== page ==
In a tough year for hedge funds, the top firms still crushed it
Looks like somebody's got a case of the Mondays. It's Dan DeFrancesco and here's hoping you made it through the weekend with your New Year's resolution intact. But even if you didn't, who cares? No one's keeping score. Just get back on track.
On tap, we've got stories on a billionaire returning to the helm of a company he created (but probably not the one you're thinking of), more trouble in crypto land for a key industry player, and inside the biggest modern house in the US.
Also, Goldman Sachs is expected to start one of its biggest rounds of redundancies ever this week, with as many as 3,200 jobs to go.
But first, we've got hedge fund returns.
1. The good, the bad, and the ugly of the buy side.
It's returns season for hedge funds, and boy is this year a doozy.
Insider's Alex Morrell has a breakdown of how some of the flagship strategies at top hedge funds like AQR, Citadel, D.E. Shaw, and Point72 did.
Alex's story gets into the nitty gritty — and more importantly, the specific numbers — but the big takeaway is this: While 2022 was a pretty awful year for the hedge fund industry, some of the industry's top funds absolutely crushed it.
And honestly, that's how it should be.
If I had the type of money that allowed me to invest in a hedge fund — and one day I just might if a few of my 10-game parlay bets hit — I wouldn't care about how well it performed when the market was up. I'd want to know how it did when everything was down.
Everyone, and I mean EVERYONE, did well investing in 2021. You could have slept your way to a double-digit return.
This past year was an absolute minefield between interest-rate hikes, inflation, and the tech-stock apocalypse. And while it might seem impossible to figure out a way to make money in that type of environment, that's exactly when I'd expect a hedge fund to step up.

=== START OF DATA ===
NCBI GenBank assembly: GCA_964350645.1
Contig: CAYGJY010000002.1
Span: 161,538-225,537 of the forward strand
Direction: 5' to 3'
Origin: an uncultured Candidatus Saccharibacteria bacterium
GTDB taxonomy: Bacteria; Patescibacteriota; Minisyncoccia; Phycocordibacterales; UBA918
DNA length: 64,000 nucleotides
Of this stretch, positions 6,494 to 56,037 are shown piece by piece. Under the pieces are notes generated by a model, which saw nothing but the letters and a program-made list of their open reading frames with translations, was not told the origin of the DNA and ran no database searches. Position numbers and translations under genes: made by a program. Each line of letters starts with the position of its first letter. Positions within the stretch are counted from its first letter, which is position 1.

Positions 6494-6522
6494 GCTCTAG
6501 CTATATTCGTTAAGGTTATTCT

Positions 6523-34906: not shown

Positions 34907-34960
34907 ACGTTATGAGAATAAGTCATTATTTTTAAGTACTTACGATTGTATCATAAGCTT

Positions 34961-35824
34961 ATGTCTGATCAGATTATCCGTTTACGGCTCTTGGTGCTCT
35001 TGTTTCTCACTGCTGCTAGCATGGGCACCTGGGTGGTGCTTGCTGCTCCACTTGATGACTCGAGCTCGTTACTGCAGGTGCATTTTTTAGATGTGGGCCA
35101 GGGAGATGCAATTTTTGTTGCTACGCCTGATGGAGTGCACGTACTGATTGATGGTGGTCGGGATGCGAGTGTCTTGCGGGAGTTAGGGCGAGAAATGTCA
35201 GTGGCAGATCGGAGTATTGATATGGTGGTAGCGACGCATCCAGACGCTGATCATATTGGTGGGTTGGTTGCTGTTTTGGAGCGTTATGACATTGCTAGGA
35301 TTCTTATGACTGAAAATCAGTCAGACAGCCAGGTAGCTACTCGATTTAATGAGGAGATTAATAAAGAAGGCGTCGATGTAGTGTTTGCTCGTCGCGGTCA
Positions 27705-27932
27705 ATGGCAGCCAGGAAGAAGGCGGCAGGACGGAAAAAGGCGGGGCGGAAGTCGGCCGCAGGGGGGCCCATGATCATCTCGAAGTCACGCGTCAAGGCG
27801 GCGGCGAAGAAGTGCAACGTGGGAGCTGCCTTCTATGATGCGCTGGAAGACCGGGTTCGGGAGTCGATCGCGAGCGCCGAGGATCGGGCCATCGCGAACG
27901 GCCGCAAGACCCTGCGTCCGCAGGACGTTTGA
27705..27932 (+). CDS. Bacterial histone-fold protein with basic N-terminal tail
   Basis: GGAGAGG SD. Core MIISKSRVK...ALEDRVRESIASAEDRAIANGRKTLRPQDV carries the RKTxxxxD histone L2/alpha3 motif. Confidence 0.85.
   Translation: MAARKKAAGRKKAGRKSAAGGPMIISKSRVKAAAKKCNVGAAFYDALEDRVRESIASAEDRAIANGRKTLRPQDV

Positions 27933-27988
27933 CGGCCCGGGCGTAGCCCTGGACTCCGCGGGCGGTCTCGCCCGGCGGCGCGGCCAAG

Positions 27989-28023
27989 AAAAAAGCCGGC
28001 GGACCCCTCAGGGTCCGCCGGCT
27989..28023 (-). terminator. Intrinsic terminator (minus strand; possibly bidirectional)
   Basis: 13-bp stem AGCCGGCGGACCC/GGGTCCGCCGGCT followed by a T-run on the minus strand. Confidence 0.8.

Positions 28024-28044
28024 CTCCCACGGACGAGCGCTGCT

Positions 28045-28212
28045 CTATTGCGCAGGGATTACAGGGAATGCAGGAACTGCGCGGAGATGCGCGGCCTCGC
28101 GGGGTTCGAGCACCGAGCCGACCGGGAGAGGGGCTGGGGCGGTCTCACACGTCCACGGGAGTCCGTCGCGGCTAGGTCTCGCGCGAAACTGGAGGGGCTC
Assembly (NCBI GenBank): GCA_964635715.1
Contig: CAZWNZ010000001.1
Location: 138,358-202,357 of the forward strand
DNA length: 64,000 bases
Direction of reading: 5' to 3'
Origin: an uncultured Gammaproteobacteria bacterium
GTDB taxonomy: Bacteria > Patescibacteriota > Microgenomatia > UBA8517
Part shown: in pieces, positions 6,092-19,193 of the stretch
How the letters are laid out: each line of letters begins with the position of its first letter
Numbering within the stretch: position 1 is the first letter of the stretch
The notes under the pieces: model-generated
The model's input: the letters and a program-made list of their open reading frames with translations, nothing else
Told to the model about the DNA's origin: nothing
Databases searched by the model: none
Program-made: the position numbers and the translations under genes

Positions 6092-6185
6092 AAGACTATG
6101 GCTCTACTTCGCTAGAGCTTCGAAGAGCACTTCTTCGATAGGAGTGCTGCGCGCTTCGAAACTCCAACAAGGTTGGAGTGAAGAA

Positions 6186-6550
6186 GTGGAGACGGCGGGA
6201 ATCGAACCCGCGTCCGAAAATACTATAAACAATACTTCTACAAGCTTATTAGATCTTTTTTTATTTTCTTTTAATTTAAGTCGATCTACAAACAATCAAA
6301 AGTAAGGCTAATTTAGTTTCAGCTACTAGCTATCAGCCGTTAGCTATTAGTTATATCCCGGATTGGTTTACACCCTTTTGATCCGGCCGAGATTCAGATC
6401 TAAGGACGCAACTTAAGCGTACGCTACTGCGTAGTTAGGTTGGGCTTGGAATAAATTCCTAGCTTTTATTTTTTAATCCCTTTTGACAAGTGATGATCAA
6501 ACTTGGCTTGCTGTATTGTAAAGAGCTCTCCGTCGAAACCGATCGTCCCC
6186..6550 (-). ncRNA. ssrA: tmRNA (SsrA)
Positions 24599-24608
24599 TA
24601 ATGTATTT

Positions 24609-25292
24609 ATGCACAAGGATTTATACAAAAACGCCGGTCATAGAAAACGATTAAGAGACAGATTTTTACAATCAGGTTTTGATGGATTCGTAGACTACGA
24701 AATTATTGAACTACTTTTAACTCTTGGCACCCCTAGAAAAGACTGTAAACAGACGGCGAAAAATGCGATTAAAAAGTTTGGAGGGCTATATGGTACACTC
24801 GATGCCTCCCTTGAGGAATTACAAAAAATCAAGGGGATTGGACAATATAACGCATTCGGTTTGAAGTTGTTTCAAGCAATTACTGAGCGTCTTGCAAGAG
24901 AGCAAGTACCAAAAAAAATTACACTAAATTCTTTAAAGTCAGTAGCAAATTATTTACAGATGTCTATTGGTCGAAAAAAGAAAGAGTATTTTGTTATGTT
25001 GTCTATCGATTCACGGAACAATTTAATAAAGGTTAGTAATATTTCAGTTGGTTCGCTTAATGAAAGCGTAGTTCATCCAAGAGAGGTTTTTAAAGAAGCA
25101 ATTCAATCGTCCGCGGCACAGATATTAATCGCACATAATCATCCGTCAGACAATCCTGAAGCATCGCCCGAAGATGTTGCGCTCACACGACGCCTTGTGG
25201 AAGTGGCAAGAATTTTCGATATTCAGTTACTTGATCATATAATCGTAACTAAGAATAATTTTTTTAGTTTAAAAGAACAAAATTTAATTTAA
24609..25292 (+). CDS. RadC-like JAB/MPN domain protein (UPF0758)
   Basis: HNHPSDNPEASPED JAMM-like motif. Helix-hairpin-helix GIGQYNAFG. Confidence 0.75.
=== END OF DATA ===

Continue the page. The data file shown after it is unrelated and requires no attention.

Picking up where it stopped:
Because if that's not the case, what am I paying you to do?
PS- If you are at a fund and want to brag about your returns, you can drop Alex a line here.
In other news:
2. FTX spent $40 million on expenses over the course of 9 months. I haven't caught up on my latest issue of Effective Altruism Monthly, but I'm not sure how that fits into the philosophy. Here's a breakdown of where some of that money went. Meanwhile, Sam Bankman-Fried, FTX's disgraced founder, would appreciate some of that $450 million Robinhood stake to fund his legal defense despite him allegedly having bought those shares with customers' money he borrowed.
3. The return of the king? Things are so bad at Amazon some insiders are speculating about a potential return of founder Jeff Bezos. I'm not sure why anyone with that much money would want to work again, but that type of mindset is probably why I'll never be rich enough to be in that position. More on what a potential Bezos-sance would look like.
4. A key player in the crypto ecosystem is having a tough go of it. Digital Currency Group, which owns a number of companies in the space, is winding down its wealth unit HQ. DCG is also in the midst of a beef with Gemini over whether $900 million Genesis, which it owns, borrowed from customers of the crypto exchange. Perhaps the two sides can smooth things over at a rock show by the Winklevoss twins, Gemini's cofounders.
5. FTX investors, the regulators would like a word. The SEC wants to know why investors in the bankrupt crypto exchange missed all of its red flags, Reuters reports. Perhaps Taylor Swift should hold a course on due diligence.
6. A Wells Fargo employee reportedly got so drunk on a flight he peed on a woman in business class. The bank fired the unnamed man, who was a VP with the firm and lived in Mumbai. Read more here.
7. Looking to buy or rent? We've got you covered. Abdul Muid, a New York City broker, shared some advice for how to navigate the market and get the best deals. Here's what you should do.
8. Turns out it might actually have been the shoes. A pair of Jordan 11 "Concords" that Michael Jordan wore in 1996 recently sold for more than $92,000. Here's why high-end collectable kicks might be an asset class worth considering.
9. ETF = Exclusionary Toward Females. Only 11% of US fund managers are women in the $6.5 trillion US ETF industry, Bloomberg reports. Here's how one fund is trying to change that with an all-woman exchange-traded fund investment team.
10. A new throne for the prince of Bel Air. The biggest modern home in the US, clocking in at an incredible 105,000 square feet, just sold for $126 million to Fashion Nova's billionaire CEO. Check out inside the Los Angeles megamansion.
Curated by Dan DeFrancesco in New York. Feedback or tips? Email email@example.com, tweet @dandefrancesco, or connect on LinkedIn. Edited by Jeffrey Cane (tweet @jeffrey_cane) in New York and Hallam Bullock (tweet @hallam_bullock) in London.
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